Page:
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Wednesday 28 July 2004

Democratic National Convention


I turned on CSPAN last night (not the major broadacast networks), just to look at what was going on and tuned in just in time to see Barack Obama's keynote address. I'd seen this guy's name on the net recently, but didn't really know anything about him. He is definitely going places. He speech said almost all the right things. It's hard to give a powerful speech on a weak platform. He talked for a while about how war should be a last resort and not a first resort and said a lot of sensible things about war and peace. But the Democrats want it both ways. They want to be tough and annhiliate our "enemies," so then he talked for a while about how we need a strong military and should not hesitate to defeat our enemies and need to make sure to send in enough troops to actually win. Yes, clearly the problem in Iraq is that we don't have enough troops. If only there were more troops and mercenaries and more Iraqis in jail and more people killed on both sides and more bombs and more tanks and more violence and more death and more guns and more bullets and more troops and more convoys and more terrified 19 year old boys with guns running into houses in the middle of the night, rousting and arresting the occupants, only then, might we have peace in Iraq. More troops = more weapons = more violence = . . . peace?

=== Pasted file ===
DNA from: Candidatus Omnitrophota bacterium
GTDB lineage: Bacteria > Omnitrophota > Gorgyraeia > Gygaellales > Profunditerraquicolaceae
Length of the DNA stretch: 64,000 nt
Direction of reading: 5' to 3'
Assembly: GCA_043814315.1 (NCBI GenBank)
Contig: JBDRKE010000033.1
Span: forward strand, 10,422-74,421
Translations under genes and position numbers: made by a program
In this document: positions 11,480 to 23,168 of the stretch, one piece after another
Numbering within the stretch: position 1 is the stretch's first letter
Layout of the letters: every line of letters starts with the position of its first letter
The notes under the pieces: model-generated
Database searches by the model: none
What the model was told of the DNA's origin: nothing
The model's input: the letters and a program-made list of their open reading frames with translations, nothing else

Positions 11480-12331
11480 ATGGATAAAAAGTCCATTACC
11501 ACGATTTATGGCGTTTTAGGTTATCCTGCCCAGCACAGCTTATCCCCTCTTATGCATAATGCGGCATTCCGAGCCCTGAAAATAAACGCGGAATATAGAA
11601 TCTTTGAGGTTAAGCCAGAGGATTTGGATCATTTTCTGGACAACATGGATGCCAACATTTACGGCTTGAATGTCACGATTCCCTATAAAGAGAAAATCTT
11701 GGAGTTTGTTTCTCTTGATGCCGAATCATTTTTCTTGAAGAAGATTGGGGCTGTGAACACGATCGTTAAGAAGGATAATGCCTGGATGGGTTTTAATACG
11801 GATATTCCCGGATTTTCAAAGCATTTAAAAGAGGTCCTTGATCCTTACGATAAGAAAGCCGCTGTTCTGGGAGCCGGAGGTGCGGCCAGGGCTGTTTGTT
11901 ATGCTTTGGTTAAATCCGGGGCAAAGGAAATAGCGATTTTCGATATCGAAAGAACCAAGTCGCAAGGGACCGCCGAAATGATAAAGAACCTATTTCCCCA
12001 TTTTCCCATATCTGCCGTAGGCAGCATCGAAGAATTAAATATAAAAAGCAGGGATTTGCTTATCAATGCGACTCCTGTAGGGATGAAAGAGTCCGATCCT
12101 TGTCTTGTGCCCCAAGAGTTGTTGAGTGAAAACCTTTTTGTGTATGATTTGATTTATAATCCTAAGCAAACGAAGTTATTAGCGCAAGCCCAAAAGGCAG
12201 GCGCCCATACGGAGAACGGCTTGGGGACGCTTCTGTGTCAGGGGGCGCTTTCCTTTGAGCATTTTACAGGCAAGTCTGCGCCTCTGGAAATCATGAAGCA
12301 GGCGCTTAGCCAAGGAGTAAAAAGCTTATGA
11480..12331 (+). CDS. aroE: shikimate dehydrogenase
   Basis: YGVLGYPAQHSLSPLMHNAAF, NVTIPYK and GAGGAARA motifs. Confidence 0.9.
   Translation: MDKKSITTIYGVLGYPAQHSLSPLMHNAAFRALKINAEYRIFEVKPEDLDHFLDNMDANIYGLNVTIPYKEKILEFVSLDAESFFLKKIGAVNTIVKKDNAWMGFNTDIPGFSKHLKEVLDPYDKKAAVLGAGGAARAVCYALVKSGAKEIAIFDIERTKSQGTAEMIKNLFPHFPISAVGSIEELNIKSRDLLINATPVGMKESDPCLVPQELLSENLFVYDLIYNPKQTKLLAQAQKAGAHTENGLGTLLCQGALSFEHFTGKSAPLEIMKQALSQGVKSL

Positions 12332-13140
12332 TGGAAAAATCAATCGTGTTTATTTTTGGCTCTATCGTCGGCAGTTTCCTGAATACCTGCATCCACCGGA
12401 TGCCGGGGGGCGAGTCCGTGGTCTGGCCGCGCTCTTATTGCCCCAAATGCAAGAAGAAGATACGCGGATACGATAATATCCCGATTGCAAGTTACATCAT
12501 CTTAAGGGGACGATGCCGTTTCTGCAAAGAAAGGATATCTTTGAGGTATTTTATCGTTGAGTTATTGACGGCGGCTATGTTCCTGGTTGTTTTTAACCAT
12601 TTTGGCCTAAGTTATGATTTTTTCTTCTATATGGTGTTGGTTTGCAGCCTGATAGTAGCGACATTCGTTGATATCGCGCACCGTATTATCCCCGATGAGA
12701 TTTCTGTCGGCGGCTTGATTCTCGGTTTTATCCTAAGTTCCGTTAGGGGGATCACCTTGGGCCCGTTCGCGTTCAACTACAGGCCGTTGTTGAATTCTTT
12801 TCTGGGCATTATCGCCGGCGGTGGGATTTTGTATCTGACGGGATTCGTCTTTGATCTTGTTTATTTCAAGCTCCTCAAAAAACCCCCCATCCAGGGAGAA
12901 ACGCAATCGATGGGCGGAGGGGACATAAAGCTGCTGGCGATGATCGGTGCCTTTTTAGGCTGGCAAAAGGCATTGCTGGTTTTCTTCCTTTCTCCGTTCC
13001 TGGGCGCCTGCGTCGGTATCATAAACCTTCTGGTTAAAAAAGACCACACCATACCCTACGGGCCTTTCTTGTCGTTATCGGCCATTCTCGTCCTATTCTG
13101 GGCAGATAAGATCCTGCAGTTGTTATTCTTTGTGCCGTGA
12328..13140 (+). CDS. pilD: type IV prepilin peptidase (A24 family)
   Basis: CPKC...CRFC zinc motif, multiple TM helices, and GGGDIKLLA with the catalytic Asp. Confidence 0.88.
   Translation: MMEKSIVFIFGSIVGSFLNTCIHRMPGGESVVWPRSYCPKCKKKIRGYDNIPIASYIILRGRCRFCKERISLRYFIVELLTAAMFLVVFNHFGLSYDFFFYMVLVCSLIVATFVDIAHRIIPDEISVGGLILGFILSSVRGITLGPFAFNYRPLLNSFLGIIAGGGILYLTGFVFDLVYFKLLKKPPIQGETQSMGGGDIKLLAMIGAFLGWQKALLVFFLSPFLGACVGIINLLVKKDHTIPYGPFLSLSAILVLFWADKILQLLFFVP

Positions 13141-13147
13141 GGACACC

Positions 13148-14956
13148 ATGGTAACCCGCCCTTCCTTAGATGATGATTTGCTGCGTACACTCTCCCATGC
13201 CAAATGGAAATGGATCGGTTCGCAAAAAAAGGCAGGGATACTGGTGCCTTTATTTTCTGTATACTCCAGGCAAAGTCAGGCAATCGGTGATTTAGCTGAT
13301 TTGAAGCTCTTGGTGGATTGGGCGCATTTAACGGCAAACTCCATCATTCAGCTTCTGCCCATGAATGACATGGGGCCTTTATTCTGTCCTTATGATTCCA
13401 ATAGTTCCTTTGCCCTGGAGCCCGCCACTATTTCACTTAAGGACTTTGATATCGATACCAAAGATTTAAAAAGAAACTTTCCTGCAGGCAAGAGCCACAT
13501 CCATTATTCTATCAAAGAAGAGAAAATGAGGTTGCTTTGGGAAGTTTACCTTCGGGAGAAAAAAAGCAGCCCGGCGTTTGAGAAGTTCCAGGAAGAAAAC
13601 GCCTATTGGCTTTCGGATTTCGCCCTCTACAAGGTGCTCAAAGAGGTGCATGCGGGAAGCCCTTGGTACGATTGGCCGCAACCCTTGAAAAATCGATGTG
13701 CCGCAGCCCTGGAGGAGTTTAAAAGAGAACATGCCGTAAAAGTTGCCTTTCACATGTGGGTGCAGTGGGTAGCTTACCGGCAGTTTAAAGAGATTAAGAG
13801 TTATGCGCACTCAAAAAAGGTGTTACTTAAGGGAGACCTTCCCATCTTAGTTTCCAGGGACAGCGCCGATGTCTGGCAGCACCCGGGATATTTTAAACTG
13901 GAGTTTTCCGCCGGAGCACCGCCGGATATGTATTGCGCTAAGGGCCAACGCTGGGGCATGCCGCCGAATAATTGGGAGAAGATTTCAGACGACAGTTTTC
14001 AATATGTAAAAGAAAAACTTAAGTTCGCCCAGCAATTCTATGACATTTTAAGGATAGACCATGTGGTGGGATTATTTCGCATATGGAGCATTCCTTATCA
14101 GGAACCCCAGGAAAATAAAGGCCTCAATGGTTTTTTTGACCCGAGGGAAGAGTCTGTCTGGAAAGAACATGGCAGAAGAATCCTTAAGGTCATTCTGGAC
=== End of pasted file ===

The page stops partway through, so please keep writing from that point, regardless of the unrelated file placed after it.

Nevertheless, Obama's speech was excellent, especially on domestic issues, race issues, poverty, etc. Many people have commented that a major theme of the convetion is unity and true to the theme he criticized talking head for dividing the country into red and blue states. "we worship an awesome god in the blue states" and "people in red states don't want federal agents in their library records." Indeed. In many ways, he and many of the other bits I caught, primarily reached out to the urban base of the party. When he talked about poverty, he talked about urban, inner-city poverty and not rural poverty. CSPAN showed a DNC video about giving poor kids options and it was all about New York City. This video featured a Representative from NYC talking about growing up as a poor teenager of color and how he felt like he didn't have options. then it showed african american young men talking about dropping out of shool and having a lack of direction. The music under the track was urban contemporary. Then, after setting up the problem, the video turned to the solution: John Kerry. It also switched sound tracks at that point. The beat driven music switched (through a quite nice audio edit) to Enya. John Kerry brought beatless, white music to the inner city and turned black kids' lives around.